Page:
When Do You Break Up With Your Book?

Abandoned book

Starting a book is akin to dating. I read book blurbs like singles ads in the newspaper. It has to strike my interest right away for me to invest money to purchase it or time to track it down at my library. As with any first date, first impressions are important. Those first pages help me decide if the book and I would make a great couple. Do I want to take it out for coffee or tea? The first few pages set the tone for the rest of the book.

Or do they?

Sometimes I can tell right away that this book is not for me. It’s not because it smells funny or has mommy issues. It’s me book, it’s not you, I swear. Ok, sometimes it is you. If the writing is horrid, well, our relationship cannot be saved.

Other times, it’s not so clear cut. My book and I come back together for a second date, maybe a third. Still I can’t figure out where our relationship is going. Am I invested in the characters? Do I want to know what happens to them? Do I want to take my book home to meet my friends?

When is the time to break up with my book? I don’t waste my time with Mr. Okay when I could search for the book that makes me ignore my kids as I curl in bed devouring it. Sleepless nights are a sign of a great book. With piles and piles of books waiting for met to crack their spines and take them speed dating, how much time should I invest in a so-so book?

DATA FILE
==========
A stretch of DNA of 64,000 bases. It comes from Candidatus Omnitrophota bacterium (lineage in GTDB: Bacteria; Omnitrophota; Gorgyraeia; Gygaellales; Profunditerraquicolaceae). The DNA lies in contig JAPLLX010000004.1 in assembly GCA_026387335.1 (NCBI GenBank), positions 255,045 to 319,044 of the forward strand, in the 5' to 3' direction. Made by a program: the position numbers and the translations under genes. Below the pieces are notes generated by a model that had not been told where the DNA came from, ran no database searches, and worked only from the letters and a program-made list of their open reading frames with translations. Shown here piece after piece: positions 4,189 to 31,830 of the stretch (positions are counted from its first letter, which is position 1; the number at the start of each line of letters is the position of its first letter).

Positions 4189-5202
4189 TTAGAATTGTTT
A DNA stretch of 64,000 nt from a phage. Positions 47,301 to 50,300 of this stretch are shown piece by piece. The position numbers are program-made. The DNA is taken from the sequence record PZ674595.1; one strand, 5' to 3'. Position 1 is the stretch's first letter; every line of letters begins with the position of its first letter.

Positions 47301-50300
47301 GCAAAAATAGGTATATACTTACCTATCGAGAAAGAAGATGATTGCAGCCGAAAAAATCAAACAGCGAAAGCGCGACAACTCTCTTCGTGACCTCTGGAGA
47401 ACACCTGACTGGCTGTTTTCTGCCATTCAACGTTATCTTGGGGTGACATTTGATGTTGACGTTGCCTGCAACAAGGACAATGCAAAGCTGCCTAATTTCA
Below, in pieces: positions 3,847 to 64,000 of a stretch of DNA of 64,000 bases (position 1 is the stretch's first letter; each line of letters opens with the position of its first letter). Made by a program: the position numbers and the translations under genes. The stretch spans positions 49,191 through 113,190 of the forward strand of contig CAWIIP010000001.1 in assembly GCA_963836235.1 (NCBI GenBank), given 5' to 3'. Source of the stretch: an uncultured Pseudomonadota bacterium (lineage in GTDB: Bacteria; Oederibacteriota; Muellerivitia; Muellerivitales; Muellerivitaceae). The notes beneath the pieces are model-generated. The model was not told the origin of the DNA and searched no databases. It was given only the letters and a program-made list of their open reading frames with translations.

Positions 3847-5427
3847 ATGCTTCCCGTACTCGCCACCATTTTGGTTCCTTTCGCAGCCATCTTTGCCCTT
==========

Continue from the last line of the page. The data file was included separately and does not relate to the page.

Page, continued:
I posed this question to fellow From Left to Write members. It turns out the answer isn’t so clear cut. Here’s what our members had to say:

  • Ariane from The Force Expansive reads at least 100 pages before she gives up on a book. Is that considered a second or third date?
  • Catherine of everyday epiphanies believes “Life is too short and there are too many good books to waste time on one that’s not!”
  • Emily at Naptime Is My Time gives the book three chapters to win her over since it’s easier to track by chapters rather than pages on her Kindle. (I don’t read a lot of ebooks so I find this very interesting.)
  • Ever the optimist, Julie from A Good Joe believes she’ll find a redeeming quality about the book, so she keeps reading, usually until the end.
  • Rebecca from Life of an Army Wife imposed a 100-page rule even though she sometimes feel guilty for abandoning a book.
Personally, I don’t really have a hard and fast rule when it comes to giving up on a book. My 75 page rule has recently been increased to a 100 page rule. Sometimes I’m like Julie. I keep reading the book, hoping it will get better or the end will make up for the lackluster pages. I still feel a teeny bit guilty. Though not that guilty. I created an “Abandoned” shelf on my GoodReads account. Thankfully there’s only one book on it so far this year.
How about you? When do you kick that book to the curb (literally or figuratively)?
Photo by Flipfully via Creative Commons
About Thien-Kim

Thien-Kim is Editor of From Left to Write. She sneaks in her reading time late at night after her family is sound asleep. She also writes at I'm Not the Nanny.